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Lord Saatchi: My Lords, this is one of those special parliamentary occasions when a Minister comes to the Dispatch Box and clears up one of the great mysteries of the age. What we all want to know is how the Government have achieved a modern miracle—to raise billions of pounds in extra tax, spend it, and produce results which are invisible to the naked eye.

Perhaps I may offer the noble Lord an explanation which he can shortly say is complete nonsense, and then tell us the real reason. Is not the reason—exactly as my noble friend Lord Tebbit says—that 59 per cent of all the sums spent by the Government on public services is disappearing in wage and cost inflation in the public sector; and that the sum left over is too small to make a difference? If that is not the real reason, will the noble Lord say what is?

Lord McIntosh of Haringey: My Lords, the noble Lord really must get out of the habit of answering his own questions. For the reason I gave in reply to the supplementary question of the noble Lord, Lord Tebbit, measures of output of the simple kind that the noble Lord, Lord Tebbit, and apparently the noble Lord, Lord Saatchi, would wish, do not measure the quality of the public service provided.

Let us stay with education as an example. Is the noble Lord seriously saying that the increase in the number of teachers is not an increase in quality? So far

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as concerns health expenditure, is he saying that the increase in the number of doctors and nurses is not an increase in quality in the provision of health services? If those on the Benches opposite are saying so, let them say it to the teachers, the doctors and the nurses.

Lord Newby: My Lords, does the Minister accept that, in the 1990s, pay in the private sector rose by 51 per cent, whereas in the public sector it rose by only 42 per cent? Will he further accept that, in the year to October 2002, public sector pay rose by 3.8 per cent, compared to a 3.6 per cent rise in private sector pay? Finally, will he accept that if there is a problem in regard to improved outputs in the public sector, it cannot be laid at the door of excessive wage payments?

Lord McIntosh of Haringey: My Lords, I do not have the noble Lord's figures in front of me. I have no reason to doubt them—and, if I do not doubt them, I have no reason to doubt his conclusions.

Baroness Gardner of Parkes: My Lords, will the Minister tell the House whether, in terms of inflation in healthcare, there is a continuing disproportionate increase in the amount having to be set aside by the National Health Service for legal liabilities?

Lord McIntosh of Haringey: My Lords, unfortunately, the noble Baroness is entirely right. The growth in litigious activity in this country is greatly to be regretted. It is costing the public sector a great deal of money and is one factor that is putting a brake on reform alongside the increase in resources, which is the key to our approach to the public services.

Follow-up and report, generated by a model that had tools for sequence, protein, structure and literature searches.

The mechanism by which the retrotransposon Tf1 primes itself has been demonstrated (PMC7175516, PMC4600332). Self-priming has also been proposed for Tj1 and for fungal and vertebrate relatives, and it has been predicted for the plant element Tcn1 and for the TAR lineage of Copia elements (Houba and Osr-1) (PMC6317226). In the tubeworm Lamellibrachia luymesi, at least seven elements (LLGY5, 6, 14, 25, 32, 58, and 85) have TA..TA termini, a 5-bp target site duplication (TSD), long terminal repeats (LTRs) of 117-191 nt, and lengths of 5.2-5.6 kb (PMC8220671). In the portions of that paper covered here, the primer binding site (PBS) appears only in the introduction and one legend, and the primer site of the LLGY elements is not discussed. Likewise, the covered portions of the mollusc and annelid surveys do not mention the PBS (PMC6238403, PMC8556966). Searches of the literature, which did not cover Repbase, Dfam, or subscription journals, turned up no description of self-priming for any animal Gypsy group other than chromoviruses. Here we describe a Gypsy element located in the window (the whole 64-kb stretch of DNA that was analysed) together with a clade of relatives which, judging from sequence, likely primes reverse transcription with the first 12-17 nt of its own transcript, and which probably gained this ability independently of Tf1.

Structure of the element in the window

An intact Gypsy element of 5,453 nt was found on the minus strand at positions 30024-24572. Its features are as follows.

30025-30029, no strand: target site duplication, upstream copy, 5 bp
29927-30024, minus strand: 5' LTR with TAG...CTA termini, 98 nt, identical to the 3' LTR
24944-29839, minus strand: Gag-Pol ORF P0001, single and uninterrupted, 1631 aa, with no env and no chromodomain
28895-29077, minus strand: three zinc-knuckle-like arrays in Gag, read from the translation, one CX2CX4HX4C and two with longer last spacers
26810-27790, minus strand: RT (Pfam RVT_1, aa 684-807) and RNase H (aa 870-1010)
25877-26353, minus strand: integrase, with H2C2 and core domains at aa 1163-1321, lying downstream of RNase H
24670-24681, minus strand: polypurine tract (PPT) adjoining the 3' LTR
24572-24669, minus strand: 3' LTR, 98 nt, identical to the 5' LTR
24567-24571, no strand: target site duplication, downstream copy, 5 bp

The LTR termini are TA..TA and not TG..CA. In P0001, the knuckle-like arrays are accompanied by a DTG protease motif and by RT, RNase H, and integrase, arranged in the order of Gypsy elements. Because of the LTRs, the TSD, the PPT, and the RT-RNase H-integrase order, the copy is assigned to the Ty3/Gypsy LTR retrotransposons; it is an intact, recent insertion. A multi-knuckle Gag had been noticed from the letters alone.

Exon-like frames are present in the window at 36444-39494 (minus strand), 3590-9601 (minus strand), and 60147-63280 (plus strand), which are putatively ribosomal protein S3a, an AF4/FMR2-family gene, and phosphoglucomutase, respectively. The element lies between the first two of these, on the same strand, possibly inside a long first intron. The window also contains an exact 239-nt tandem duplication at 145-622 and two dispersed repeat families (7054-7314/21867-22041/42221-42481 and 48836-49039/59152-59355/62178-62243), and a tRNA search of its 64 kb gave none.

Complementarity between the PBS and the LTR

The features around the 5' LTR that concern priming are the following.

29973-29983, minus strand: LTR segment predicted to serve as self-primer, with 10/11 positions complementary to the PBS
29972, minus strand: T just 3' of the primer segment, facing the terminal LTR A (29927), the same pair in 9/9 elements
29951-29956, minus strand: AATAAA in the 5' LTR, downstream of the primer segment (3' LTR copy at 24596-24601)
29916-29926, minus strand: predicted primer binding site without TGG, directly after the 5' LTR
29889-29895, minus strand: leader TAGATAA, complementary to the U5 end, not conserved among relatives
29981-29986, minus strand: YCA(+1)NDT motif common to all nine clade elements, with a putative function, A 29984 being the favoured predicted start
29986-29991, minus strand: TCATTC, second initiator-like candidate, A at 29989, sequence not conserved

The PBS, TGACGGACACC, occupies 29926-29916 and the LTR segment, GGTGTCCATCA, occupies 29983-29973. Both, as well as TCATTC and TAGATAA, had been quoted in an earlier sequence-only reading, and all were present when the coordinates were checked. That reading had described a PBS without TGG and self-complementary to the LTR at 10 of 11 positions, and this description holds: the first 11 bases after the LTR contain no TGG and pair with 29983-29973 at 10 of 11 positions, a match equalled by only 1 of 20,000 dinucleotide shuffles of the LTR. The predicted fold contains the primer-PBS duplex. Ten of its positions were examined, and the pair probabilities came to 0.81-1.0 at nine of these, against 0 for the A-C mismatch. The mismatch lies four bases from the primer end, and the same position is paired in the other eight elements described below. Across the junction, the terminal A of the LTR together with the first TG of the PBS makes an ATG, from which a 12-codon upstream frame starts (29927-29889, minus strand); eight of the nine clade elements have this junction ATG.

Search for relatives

Children: Visual Screening

2.56 p.m.

Baroness Knight of Collingtree asked Her Majesty's Government:

    What steps they intend to take following the report by the National Screening Committee on the visual screening of children.

Baroness Andrews: My Lords, the National Screening Committee is awaiting a report from its child health sub-group. On the basis of that report, the committee will make its recommendations to Ministers. We will consider any improvements to visual screening in the context of the national service framework for children.

Baroness Knight of Collingtree: My Lords, will the noble Baroness make urgent inquiries about the report, since there is widespread concern that the draft report recommends that children should have eye tests, not at age three and four, as previously, but at age five? Is the noble Baroness aware that one in five toddlers has semi-severe visual problems; and that if such children do not know what others see, they cannot understand and complain about their own disability? Does the noble Baroness recognise that this

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is a severe educational problem, and that other countries are sticking to eye tests for three and four year-olds, not five year-olds? Will the Government ensure that Britain's children are not disadvantaged by any change?

Baroness Andrews: My Lords, I am in awe of the noble Baroness's reputation in this field, so I am happy to be able to agree with her that the earlier we screen, detect and treat vision defects, the better. I understand that there has been a lively professional debate. One of the reasons why Ministers are still waiting on the report is that there has been a very open consultative process.